Harvey Martel, father of convicted murderer Molly Martel, is sentenced to 5-10 years in prison
NASHUA – Molly Martel finally got her say.
Speaking to her father, Harvey Martel, the convicted murderer and former high school sports star tried to explain how the sexual abuse she suffered at his hands affected her life. ... Subscribe or log in to read more
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NASHUA – Molly Martel finally got her say.
Speaking to her father, Harvey Martel, the convicted murderer and former high school sports star tried to explain how the sexual abuse she suffered at his hands affected her life.
“You will never know or understand the impact you had and still have on me,” Martel said. “You should have been warning me about sexual offenders like yourself. That was the day I realized I could never trust anyone and I lost all respect for you.”
Hillsborough County Superior Court Judge Charles Temple sentenced the elder Martel to 5-10 years in prison and ordered him to register as a sexual offender more than two months after a jury found him guilty on one count of aggravated felonious sexual assault. His trial came in June, four years after Molly Martel, 26, was convicted in the stabbing death of Stephanie Campbell in Manchester. She is serving a 20-40-year sentence.
On Monday, reading from a written statement, Molly Martel said she was picked on in school and had a difficult home life after she told her mother and police about the assault. She said it led to her finding a new group of friends and that she began drinking a lot. Before that, Molly Martel was a good student and outstanding softball pitcher at Merrimack High School. She dreamed of earning an athletic scholarship to go to college.
“My whole world fell apart and I thought it was my fault, but I knew this was the only way to stop the assaults and get away from you,” she said. “It was something I did not want to live with. I hated myself.”
Martel’s testimony took up most of the first day of the trial, and she told jurors she was on the phone with her then-boyfriend, Christian Dupont, when her father knocked her onto a bed in their Merrimack home and sexually assaulted her on Nov. 14, 2002.
Public defenders Ed Cross and Steve Rosecan, questioned DNA results and changes in Molly Martel’s statements to police. They asked how Dupont could have failed to hear something going on while he was on the other end of the line. Dupont testified he was distracted by a group of friends and wasn’t listening closely to the phone call.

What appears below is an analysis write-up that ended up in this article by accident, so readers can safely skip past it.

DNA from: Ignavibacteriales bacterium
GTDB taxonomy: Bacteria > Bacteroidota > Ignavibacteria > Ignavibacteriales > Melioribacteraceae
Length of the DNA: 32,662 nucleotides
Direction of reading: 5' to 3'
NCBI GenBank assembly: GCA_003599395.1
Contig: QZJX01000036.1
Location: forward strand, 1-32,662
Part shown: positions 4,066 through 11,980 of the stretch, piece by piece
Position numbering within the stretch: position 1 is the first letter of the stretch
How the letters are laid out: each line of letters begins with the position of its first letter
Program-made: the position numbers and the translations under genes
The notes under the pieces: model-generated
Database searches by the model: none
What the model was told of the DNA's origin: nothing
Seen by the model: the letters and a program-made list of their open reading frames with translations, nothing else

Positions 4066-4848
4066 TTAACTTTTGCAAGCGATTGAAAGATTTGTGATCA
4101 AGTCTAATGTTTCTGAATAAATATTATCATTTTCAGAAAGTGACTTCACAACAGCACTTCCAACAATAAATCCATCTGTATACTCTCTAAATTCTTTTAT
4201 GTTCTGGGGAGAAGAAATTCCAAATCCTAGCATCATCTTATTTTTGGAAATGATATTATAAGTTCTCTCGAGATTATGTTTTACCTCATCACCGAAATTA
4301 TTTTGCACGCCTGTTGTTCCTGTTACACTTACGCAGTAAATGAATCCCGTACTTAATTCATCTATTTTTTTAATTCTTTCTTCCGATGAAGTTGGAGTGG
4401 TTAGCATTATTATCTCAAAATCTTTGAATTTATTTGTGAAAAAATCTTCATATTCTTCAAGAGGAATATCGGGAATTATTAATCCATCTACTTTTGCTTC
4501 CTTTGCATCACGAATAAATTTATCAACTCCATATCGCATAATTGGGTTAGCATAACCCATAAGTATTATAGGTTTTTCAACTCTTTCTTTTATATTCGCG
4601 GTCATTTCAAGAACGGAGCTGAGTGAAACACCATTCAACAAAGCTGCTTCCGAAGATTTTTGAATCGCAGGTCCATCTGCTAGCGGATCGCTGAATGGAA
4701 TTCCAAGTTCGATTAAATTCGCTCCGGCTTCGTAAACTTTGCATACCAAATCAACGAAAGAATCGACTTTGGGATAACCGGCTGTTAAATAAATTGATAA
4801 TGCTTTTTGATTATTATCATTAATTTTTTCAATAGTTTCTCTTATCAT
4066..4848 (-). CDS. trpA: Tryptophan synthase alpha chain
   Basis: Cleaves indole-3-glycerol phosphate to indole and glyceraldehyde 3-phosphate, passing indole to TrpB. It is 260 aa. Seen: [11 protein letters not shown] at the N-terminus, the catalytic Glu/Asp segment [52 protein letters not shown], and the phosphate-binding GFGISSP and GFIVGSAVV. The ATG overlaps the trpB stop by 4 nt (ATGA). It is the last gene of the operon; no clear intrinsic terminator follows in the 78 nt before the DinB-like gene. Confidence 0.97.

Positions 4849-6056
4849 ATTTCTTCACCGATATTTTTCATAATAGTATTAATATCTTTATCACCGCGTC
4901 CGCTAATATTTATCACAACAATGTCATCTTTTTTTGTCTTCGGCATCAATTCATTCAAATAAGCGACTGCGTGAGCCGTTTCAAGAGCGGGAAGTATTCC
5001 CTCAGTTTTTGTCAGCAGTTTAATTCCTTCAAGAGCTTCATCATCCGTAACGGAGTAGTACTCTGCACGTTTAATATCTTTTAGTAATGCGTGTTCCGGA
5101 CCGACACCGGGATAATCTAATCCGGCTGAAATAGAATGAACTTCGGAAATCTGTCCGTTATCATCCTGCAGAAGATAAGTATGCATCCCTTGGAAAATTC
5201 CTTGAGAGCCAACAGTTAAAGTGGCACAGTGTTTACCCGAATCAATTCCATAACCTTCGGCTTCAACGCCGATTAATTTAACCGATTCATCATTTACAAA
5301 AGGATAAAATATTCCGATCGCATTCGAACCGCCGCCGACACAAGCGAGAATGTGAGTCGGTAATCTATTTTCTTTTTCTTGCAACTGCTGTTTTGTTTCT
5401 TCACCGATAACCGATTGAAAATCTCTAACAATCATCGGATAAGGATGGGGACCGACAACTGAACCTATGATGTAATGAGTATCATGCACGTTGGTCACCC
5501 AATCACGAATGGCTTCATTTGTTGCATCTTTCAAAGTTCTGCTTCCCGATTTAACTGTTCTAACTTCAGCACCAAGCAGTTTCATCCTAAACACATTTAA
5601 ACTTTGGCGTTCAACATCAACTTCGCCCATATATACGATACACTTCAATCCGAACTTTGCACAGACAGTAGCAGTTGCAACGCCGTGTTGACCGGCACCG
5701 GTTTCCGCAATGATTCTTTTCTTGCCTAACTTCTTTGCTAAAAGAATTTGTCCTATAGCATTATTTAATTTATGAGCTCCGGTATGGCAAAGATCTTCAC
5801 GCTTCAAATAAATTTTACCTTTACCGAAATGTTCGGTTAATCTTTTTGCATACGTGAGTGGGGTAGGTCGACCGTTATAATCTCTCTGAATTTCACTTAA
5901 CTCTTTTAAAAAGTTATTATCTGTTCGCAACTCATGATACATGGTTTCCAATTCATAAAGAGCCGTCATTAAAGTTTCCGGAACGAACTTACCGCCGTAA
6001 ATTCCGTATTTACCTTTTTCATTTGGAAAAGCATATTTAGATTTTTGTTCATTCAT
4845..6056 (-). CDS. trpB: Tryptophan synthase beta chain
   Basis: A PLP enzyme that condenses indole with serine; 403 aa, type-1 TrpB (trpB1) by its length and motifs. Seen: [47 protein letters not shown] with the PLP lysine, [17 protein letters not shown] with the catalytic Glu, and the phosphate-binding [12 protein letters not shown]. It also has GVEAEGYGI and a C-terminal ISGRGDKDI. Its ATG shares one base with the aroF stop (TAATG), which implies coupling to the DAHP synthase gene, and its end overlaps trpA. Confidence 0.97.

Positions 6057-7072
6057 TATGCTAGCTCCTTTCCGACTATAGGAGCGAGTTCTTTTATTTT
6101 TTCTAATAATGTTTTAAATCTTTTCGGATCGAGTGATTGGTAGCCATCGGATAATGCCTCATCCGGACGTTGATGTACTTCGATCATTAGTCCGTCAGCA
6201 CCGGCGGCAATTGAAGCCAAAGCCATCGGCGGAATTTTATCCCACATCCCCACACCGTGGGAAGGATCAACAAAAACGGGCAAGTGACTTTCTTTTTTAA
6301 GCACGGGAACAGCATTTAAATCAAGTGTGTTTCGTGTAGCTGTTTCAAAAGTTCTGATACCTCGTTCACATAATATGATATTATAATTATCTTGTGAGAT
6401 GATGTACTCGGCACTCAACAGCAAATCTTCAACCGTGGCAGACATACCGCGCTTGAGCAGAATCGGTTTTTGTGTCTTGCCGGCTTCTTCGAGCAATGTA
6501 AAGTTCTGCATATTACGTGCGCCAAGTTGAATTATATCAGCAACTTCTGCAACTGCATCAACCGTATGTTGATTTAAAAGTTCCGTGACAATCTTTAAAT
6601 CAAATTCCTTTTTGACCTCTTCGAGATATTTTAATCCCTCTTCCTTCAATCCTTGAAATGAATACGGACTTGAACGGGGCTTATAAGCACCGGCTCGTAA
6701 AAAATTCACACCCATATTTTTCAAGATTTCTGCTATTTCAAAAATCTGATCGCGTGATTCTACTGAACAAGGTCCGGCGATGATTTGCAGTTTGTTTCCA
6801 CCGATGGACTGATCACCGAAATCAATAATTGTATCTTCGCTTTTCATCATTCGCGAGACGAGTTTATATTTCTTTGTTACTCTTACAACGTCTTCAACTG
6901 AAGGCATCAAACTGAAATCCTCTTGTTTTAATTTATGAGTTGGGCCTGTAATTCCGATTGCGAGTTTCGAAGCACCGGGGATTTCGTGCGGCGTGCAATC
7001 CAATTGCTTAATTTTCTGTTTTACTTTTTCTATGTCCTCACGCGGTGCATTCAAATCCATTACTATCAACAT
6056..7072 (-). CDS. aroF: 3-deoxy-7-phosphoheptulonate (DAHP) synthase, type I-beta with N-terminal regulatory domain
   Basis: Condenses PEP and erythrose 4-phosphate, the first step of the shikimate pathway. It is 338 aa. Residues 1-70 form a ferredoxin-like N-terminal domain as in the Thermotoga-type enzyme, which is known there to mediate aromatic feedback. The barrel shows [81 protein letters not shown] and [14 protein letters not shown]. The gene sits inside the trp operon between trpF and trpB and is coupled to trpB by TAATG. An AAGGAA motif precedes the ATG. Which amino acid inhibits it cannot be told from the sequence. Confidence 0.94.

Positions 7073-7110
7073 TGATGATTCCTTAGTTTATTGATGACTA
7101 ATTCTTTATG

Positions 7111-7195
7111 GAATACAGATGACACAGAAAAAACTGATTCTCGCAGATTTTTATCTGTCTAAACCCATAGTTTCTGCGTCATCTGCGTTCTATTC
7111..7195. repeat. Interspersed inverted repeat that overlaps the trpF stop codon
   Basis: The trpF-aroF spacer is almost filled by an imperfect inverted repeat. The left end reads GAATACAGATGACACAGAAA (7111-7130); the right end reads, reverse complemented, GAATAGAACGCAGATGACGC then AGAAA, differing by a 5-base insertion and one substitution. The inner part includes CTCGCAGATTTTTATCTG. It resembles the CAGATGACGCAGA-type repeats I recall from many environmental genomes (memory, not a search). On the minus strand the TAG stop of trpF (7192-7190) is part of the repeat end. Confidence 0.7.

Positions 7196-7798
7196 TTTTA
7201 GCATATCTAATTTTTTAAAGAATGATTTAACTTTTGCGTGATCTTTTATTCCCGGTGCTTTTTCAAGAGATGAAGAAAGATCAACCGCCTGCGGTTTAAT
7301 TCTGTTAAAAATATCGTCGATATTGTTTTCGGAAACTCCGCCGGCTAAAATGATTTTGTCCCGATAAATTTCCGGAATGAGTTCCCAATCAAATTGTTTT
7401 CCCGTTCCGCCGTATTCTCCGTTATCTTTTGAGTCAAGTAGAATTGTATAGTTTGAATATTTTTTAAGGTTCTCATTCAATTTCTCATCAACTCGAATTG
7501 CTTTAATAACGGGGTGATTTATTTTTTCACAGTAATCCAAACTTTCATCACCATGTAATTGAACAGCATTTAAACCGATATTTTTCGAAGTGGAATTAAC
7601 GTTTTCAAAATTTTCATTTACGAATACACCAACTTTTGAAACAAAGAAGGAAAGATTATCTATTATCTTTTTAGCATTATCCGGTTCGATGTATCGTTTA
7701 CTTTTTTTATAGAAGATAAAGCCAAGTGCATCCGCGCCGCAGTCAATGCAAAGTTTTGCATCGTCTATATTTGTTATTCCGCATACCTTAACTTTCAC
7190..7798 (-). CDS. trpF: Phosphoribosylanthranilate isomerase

After her testimony, Molly Martel spent the rest of the trial in the back of the courtroom, where she was escorted by sheriff’s deputies who placed metal cuffs around her ankles – out of the view of jurors – and seated her separated by a row of seats from her family.
Harvey Martel’s new attorney, Adam Bernstein, asked Temple to impose a 2-4 year prison sentence and recommend he complete a sexual offender treatment program at a community-based facility. An expert forensic psychiatrist evaluated Harvey Martel following the jury trial and found he has a low to very low chance of re-offending, Berntstein said.
“From an emotional standpoint it makes sense why the victim and the victim’s family would ask you to impose a 10-20 year sentence,” he said. “The issue is that if we went on emotion alone, we would have a real problem in our criminal justice system.”
Assistant HIllsborough County Attorney Karrine Brobst recommended the maximum 10-20 year prison sentence.
“This is unlike other types of sexual assault. This is the worst kind of assault that can happen to a person,” she said Monday. “Molly could not have been impacted any worse than she was in this case.”
Bernstein said it is not clear whether Harvey Martel will appeal the conviction to the state Supreme Court.
A second prosecutor, Kent Smith, has known Molly Martel since she was 14 and accused her father of sexually assaulting her on Nov. 14, 2002. He said justice was done, just too late.
“I wish it had been done a little sooner,” he said. “Maybe things could have turned out a little different for Molly.”
Molly Martel, who is serving her sentence at the New Hampshire State Prison for Women in Goffstown, first accused her father of assaulting in 2004, but prosecutors dropped the charges just before a trial in 2008 when she disappeared. Harvey Martel was re-indicted in 2012. His case was delayed while Molly Martel was prosecuted – and convicted – of second-degree murder in Manchester.
Temple granted a defense motion barring prosecutors from suggesting at the trial that there was any causal link between the murder and the sexual abuse. Molly Martel’s mother was under no such prohibition on Monday.
“Molly ended up taking the wrong path because of your abuse,” Deborah Martel said. “You traumatized her so much she didn’t want to come home.”
At her trial, Molly Martel’s lawyers said that she had a history of family sexual abuse that it was a contributing factor in the crime.
“She wasn’t born to be defended in a murder case,” attorney Eric Wilson told the court. “You’ve got to wonder why. What happened in the last 23 years that put Molly Martel in that chair?”
Joseph G. Cote can be reached at 594-6415 or email@example.com. Also, follow Cote on Twitter (@Telegraph_JoeC).